Jamie Righetti: When the news broke that Asghar Farhadi would be unable to attend the Academy Awards, where he is nominated for Best Foreign Language Film, I was incredibly disappointed. Iran has given us such a wealth of beautiful and breathtaking films worth celebrating. While exceptionalism is not a requirement for compassion, cinema often is able to transcend boundaries in a way words and even images often cannot. Many of the films listed here give vital insight into the human element of the refugee crisis but in thinking of Iranian cinema, I couldn’t help but recall Abbas Kiarostami’s beautiful look at childhood friendship and loyalty, Where is the Friend’s Home? The story is simple but powerful. Ahmed, a young boy living in rural Iran, realizes he has brought home his classmates notebook. Worried that his friend will be expelled if he does not turn in his homework the next day, he begins a journey to a neighboring village to find his friend’s home and return the notebook. One one hand, Where is the Friend’s Home? shows viewers the inherent commonality in the hard working families who push their children to achieve more than they were able to. Here are mothers juggling infants and bales of laundry, children trying to wriggle out of homework to play with their friends, grandparents who believe they know what’s best for the next generation. But at its core, Ahmed’s fruitless search represents something sometimes forgotten but not lost in us all: compassion for our fellow man so powerful we would go to great lengths to protect and fight for one another. This is the bedrock of humanity and the key to survival. It is the spark of hope in every protest unfolding around the country and it is why the message displayed in Where is the Friend’s Home? must not be forgotten when the hour seems the darkest.
Jake Orthwein: Alejandro González Iñárritu’s film has been lost in the jumble of so-called “network narratives” from the mid-2000s, but it’s extraordinarily powerful. Babel traces four different globe-spanning narratives, loosely connected to one another by plot, each of which deals with the problem of communication. The film’s title alludes to a biblical story in which God, in reproach for humans’ Promethean attempt to build a tower as tall as the heavens, confounded human language so as to prevent us from understanding one another. Beneath the film’s scattered plot lies a strikingly simple and profound idea: that failures of human cooperation are, at some level, simply a failure of communication. Babel speaks the universal language of cinema, pointing to the common denominator of emotion that unites us.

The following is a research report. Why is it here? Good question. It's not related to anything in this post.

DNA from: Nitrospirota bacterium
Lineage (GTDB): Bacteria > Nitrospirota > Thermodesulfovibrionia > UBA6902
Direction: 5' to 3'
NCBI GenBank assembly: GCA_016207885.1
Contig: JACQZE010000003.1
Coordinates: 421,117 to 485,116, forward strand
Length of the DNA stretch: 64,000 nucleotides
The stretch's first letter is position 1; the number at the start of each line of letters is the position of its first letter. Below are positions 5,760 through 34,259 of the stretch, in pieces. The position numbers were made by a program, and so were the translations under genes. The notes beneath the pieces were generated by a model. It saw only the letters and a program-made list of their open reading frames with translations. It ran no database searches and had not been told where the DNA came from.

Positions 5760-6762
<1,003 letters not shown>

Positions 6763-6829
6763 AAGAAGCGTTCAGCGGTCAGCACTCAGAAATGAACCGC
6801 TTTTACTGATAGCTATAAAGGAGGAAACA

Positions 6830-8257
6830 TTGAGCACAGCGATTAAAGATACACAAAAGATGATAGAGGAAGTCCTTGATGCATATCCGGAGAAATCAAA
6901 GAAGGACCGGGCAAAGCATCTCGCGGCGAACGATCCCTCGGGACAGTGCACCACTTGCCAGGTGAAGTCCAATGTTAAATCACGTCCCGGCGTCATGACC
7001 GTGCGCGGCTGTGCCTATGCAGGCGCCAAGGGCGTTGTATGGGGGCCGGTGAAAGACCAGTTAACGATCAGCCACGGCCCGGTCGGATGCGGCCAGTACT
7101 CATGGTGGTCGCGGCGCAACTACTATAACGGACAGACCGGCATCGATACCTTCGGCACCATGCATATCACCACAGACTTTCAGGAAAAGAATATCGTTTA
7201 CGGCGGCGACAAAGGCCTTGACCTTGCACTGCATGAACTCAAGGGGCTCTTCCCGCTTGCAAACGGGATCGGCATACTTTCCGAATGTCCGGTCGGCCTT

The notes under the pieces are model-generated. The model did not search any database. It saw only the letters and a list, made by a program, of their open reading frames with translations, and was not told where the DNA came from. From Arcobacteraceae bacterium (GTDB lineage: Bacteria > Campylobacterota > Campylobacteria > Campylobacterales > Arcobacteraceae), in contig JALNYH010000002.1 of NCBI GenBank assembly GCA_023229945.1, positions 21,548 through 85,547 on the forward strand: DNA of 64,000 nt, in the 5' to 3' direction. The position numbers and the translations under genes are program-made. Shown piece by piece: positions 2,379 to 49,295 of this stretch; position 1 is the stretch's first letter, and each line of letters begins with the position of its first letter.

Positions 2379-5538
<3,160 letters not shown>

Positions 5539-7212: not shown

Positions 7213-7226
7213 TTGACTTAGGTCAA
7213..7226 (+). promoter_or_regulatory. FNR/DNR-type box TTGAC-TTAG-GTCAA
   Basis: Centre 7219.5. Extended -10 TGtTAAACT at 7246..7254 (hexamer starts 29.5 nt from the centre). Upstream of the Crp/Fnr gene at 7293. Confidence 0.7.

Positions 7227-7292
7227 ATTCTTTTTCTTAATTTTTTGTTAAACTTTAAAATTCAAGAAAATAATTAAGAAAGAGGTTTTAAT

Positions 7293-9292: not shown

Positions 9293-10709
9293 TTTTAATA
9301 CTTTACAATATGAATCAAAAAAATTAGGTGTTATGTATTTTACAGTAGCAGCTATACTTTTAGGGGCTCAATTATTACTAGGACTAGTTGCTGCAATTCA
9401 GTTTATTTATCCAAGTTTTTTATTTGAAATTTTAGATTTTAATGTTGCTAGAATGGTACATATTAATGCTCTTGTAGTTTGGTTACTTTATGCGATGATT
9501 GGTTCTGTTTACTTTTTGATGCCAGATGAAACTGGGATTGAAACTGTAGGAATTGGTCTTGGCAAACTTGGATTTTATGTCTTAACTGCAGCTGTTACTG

Available to rent via Amazon. Streaming via FilmStruck, Tribeca Shortlist, and Sundance Now.
Brad Gullickson: Roger Ebert famously said that a movie is “a machine that generates empathy.” Cinema is our quickest way to understand a life outside of our own, and as such we need to continually feed ourselves this art. Put more movies in front of more eyes, and the result will be a better understanding of our world. What could this suburban white male have in common with a young girl from Tehran? American pop culture — it’s infected the universe. Marjane Satrapi and I will be forever connected through our idolization of Bruce Lee, Iron Maiden, and Michael Jackson. Her rebellion in the face of political fundamentalism should spark our own desires to crusade for what we cherish.
Jake Orthwein: Before Cary Fukunaga conquered auteur TV with True Detective and broke new distribution ground with Beasts of No Nation, he picked up the Directing Award at Sundance for this adventure story about a Honduran immigrant girl named Sayra and her harrowing trip to the U.S. Fukunaga brings his signature blend of humanism and intensity to the tale, which also follows a gang member named Casper who joins Sayra on her trip but struggles to escape his past. Here are captured both archetypes of the immigration debate: the earnest opportunity-seeker, and the criminal gang member. Fukunaga offers no glib solutions, but rather the expanded perspective that only art can provide.